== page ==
FARGO -- A $296 million federal Cash for Clunkers appliance program set to begin next spring in Minnesota and North Dakota is making consumers anxious and causing headaches for some retailers.
"We get calls constantly," said Shawn Driscoll, president of Fargo appliance retailer Nodak Stores, from consumers who think the State Energy Appliance Efficiency Rebate program has already begun.
"Somebody was in here in the last 10 minutes asking if it had started yet," Chuck Matthees, president of Rigels Inc. in Moorhead, said Thursday.
"The wheels are turning very slowly," he said.
The rebate program was announced July 14 by the U.S. Department of Energy. Individual states had until Oct. 15 to submit a plan indicating what types of Energy Star appliances would be included in their rebate program.
North Dakota expects to receive about $615,000, said Zachary Weiss, state energy engineer with the North Dakota Department of Commerce. From 10 to 25 percent of each award covers administrative costs, according to DOE guidelines.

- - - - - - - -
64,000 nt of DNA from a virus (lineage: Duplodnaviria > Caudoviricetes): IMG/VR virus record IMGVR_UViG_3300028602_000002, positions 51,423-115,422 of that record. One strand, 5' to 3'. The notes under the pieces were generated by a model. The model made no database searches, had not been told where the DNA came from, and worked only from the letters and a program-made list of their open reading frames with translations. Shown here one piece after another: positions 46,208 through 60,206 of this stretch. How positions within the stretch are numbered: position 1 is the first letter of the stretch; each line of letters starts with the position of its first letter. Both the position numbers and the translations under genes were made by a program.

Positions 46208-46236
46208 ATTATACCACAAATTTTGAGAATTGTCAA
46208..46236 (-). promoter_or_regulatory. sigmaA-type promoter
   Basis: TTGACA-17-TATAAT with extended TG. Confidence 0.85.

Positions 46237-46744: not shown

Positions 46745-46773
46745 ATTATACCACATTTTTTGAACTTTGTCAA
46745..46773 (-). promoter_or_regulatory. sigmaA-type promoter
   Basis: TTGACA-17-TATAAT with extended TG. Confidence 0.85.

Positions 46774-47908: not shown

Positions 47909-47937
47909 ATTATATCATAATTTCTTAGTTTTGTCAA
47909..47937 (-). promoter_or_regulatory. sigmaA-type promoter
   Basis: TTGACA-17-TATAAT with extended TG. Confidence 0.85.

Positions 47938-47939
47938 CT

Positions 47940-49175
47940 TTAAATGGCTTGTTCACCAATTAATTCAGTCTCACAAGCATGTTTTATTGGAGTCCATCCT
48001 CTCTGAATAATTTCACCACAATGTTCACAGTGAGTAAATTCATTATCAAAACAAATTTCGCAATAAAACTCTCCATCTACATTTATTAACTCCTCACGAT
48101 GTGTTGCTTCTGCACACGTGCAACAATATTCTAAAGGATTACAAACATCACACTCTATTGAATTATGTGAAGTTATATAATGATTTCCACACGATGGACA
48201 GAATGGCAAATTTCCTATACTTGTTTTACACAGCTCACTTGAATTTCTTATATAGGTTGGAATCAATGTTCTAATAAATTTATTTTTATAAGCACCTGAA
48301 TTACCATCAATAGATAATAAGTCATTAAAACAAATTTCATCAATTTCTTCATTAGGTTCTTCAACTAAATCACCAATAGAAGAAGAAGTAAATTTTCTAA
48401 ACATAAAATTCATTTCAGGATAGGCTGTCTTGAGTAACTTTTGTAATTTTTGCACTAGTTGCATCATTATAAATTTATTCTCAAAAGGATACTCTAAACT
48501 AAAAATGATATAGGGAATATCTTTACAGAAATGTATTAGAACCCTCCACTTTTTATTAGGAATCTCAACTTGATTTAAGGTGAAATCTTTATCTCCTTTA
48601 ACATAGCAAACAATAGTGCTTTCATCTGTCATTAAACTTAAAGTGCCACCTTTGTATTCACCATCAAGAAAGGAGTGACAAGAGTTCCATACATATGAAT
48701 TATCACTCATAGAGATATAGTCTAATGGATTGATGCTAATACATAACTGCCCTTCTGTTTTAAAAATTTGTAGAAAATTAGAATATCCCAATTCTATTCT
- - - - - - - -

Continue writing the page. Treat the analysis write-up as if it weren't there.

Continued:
Minnesota will receive $5 million for its rebate program.
"It's a train wreck," said John White, executive vice president of Brand Source, a natural merchandising group for appliance retailers based in Anaheim, Calif.
"There's certainly a good amount of pent-up demand - people waiting for this program to start," he said.
As a result, Driscoll has seen regular appliance sales decline. Customers have been calling since August asking about the program, he said.
"I've been in stores and heard consumers say 'I'm waiting until I can get this $500 or $2,000 rebate on appliances before I buy anything,' " said White, a 1994 North Dakota State University graduate who once worked at Rigels.
In most states, the rebate will total $50 to $200, he said.
"In the appliance world, that type of rebate is normal out there all the time," White said.
Next month, some of Rigels' appliance manufacturers will be offering rebates from $100 to $200 when consumers buy washer/dryer combinations that qualify under the Energy Star program, Matthees said.
"That will be comparable or more than what the federal program would have been," he said.